Voice

Jan. 16th, 2005 07:53 am
lullenny: (eats)
[personal profile] lullenny
The following is an excerpt from Part III of the book Making Shapely Fiction, by Jerome Stern. The first two parts are very much worth reading as well. The book is available in paperback.



Voice

Voice is the writer's style as it is expressed in the characters' speech and thoughts.

Writers can be many people and can have access to many voices. They can assume the voice of an adolescent girl, an elderly woman, a bitter young boy, an incompetent salesman, an unhappy teacher. Each voice creates a character. The notion of voice is not hard to understand when it's clear that a character is telling a story in first person. Salinger's opening to Catcher in the Rye creates Holden Caulfield:
If you really want to hear about it, the first thing you'll probably want to know is where I was born, and what my lousy childhood was like, and how my parents were occupied and all before they had me, and all that David Copperfield kind of crap, but I don't feel like going into it, if you want to know the truth.
Salinger is establishing Holden's speech rhythms, vocabulary, and degree of awareness -- he's sharp, rude, young but insightful, and he reads books. That voice has to be consistent if it's going to be convincing. If Holden started sounding like a New York Times contributor, "I investigated various states of mind -- madness, horror, hilarity -- fully at ease in exploring every one," we say the character breaks voice.

Voice in third person is a bit more elusive. You are narrating, but not entirely in your own voice. Your reader hears your character's voice through you, and simultaneously hears you through your character. Carson McCullers begins The Member of the Wedding:
It happened that green and crazy summer when Frankie was twelve years old. This was the summer when for a long time she had not been a member. She belonged to no club and was a member of nothing in the world. Frankie had become an unjoined person who hung around in doorways and, she was afraid.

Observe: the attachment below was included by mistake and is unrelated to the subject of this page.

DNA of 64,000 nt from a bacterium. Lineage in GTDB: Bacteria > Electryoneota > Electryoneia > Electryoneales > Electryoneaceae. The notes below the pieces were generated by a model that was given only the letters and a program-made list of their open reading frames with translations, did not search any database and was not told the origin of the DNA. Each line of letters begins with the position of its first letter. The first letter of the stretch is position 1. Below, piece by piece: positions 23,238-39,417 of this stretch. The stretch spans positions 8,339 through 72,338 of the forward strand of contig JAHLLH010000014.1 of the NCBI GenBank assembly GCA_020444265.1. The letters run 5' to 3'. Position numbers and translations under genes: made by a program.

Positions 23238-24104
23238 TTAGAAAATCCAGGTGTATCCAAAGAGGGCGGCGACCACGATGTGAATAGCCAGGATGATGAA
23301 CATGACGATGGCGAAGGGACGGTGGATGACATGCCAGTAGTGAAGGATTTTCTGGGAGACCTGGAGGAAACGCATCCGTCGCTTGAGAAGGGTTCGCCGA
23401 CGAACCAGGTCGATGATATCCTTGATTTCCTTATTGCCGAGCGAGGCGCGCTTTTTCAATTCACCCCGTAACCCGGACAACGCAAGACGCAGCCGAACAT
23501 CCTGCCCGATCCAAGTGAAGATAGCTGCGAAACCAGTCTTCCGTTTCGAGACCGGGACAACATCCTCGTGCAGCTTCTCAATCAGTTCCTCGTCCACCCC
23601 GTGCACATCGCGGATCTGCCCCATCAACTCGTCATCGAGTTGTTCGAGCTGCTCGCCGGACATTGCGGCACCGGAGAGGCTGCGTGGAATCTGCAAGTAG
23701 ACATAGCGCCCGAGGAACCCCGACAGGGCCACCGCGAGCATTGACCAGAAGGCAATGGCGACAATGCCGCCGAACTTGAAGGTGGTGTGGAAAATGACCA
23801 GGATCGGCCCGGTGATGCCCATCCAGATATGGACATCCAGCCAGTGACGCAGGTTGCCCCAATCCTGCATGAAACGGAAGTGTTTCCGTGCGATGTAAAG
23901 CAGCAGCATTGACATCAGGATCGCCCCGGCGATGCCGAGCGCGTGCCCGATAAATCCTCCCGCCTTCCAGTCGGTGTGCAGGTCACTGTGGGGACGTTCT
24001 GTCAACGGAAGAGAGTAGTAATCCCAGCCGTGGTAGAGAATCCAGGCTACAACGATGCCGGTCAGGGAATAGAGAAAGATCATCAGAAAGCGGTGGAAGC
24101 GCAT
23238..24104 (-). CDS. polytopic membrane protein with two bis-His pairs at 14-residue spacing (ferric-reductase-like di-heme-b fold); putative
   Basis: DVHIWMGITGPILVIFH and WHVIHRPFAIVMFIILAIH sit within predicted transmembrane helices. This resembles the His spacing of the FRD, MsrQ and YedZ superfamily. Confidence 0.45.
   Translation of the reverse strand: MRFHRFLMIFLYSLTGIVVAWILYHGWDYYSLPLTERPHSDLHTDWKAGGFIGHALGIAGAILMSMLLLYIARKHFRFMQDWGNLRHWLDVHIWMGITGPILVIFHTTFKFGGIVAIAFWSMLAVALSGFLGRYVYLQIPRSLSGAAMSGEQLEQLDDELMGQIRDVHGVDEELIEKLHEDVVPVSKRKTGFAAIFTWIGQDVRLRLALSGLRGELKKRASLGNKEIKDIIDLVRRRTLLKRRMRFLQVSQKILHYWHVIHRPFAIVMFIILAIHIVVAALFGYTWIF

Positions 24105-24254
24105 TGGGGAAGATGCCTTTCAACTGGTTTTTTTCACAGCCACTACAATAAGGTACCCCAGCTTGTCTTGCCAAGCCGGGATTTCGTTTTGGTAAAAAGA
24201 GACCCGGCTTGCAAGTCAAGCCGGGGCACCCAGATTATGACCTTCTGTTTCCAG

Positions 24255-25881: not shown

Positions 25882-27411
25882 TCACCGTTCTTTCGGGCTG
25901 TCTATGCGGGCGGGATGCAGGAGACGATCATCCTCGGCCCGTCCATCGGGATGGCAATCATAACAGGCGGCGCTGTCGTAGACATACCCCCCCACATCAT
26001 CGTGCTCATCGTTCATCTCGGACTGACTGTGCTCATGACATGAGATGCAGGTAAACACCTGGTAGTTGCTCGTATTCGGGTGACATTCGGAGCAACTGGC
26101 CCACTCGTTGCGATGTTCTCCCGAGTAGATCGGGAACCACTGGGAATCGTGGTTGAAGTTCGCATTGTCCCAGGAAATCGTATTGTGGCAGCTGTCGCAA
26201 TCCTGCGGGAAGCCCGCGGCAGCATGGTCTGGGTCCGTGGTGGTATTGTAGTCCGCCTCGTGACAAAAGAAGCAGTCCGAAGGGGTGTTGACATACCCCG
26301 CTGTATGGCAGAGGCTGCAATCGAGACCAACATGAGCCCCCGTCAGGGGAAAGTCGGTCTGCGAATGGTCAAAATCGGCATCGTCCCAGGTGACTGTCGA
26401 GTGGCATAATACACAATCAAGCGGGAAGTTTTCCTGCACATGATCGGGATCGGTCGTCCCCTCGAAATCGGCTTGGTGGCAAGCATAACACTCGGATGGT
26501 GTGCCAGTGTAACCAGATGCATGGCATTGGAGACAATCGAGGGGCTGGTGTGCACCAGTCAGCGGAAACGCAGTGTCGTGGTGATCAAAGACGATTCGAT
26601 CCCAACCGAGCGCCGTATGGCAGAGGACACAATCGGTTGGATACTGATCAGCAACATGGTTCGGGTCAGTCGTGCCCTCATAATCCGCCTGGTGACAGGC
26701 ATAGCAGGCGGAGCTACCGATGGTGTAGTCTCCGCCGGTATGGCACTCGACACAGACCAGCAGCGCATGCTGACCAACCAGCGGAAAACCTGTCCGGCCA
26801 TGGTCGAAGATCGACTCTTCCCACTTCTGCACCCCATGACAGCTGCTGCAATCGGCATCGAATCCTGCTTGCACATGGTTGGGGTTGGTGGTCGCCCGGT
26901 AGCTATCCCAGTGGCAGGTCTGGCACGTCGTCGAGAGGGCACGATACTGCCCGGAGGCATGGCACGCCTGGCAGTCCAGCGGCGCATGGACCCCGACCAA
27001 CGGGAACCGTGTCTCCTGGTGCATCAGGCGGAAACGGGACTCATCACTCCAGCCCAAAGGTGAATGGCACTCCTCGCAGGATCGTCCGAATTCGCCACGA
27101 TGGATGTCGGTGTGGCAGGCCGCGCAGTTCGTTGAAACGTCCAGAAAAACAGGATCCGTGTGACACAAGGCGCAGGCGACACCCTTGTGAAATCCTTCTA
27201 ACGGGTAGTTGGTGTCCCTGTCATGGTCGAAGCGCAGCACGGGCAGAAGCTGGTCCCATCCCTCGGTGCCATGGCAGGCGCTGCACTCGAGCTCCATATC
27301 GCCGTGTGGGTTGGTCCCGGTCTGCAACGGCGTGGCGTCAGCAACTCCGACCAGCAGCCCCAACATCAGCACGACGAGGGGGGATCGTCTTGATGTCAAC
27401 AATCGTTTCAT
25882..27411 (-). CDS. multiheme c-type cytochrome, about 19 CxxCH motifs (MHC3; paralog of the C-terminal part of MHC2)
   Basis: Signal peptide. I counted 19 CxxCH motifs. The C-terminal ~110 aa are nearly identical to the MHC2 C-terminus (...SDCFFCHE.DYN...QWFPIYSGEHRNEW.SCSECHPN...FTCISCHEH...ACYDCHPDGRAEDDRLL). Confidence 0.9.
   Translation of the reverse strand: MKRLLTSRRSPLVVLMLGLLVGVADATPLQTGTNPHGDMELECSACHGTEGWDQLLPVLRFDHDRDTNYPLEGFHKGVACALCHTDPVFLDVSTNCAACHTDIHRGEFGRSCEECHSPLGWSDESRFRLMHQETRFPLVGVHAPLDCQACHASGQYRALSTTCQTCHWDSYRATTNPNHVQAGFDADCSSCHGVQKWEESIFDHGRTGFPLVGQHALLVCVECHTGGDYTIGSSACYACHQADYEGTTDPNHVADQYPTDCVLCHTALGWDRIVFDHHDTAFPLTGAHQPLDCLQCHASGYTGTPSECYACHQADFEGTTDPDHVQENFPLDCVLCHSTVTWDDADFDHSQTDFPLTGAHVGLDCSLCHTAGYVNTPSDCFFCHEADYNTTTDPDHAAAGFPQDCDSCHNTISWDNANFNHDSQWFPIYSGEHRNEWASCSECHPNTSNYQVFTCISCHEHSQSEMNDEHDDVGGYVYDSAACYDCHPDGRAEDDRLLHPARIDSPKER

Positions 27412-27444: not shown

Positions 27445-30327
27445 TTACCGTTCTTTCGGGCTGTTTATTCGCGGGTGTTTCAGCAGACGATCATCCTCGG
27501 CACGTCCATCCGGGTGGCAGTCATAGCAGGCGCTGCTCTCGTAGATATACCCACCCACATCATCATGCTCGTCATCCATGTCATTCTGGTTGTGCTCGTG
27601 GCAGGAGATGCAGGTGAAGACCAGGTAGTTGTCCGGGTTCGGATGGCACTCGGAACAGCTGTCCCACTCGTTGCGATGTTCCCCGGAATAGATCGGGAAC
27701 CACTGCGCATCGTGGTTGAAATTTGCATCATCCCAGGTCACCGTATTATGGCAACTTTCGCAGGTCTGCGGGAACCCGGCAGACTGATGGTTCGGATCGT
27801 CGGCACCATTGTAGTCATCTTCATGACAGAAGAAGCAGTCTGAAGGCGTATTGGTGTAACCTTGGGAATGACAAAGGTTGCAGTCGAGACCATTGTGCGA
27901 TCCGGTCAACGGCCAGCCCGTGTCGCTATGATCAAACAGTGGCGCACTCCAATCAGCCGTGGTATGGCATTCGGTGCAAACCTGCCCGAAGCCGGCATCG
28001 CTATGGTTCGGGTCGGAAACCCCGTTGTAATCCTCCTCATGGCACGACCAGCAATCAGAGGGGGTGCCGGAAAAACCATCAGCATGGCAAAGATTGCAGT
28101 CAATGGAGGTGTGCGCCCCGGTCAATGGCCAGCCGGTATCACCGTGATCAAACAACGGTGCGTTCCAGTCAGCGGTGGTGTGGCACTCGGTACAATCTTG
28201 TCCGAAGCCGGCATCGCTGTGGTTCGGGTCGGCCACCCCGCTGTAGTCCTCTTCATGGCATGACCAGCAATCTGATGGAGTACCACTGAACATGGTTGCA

As the book goes on, that direct, young voice with its breathless little ands lets us hear Frankie through McCullers. McCullers/Frankie describes the cook:
Her hair was parted, plaited, and greased close to the skull, and she had a flat and quiet face. There was only one thing wrong about Berenice --her left eye was bright blue glass.
We won't hear McCullers/Frankie sound like this:
It was full dark now, but still early; Gay Street was full of absorbed faces; many of the store windows were still alight. Plaster people, in ennobled postures, stiffly wore untouchably new clothes; there was even a little boy, with short, straight pants, bare knees and high socks, obviously a sissy: but he wore a cap, all the same, not a hat like a baby.
That's Rufus, the young boy in James Agee's Death in the Family. But it's Agee/Rufus, a kind of double voice with its own rules.

To stay in voice you have to hear that voice in your head. As you can see from the examples, writers establish a range of vocabulary, imagery, phrasing, and style of punctuation. Reading your story aloud is a fine way of testing your control of the voice. You'll hear where the voice has gone flat or lost its rhythm. You'll hear where a certain insight or piece of information seems out of character.

Don't accept the notion that the character could possibly say or think that. Possibly is not enough. You want that shock of recognition -- you want your readers to say Yes!, not Well, maybe.

See Character, Fa├žade, Point of View, Style.

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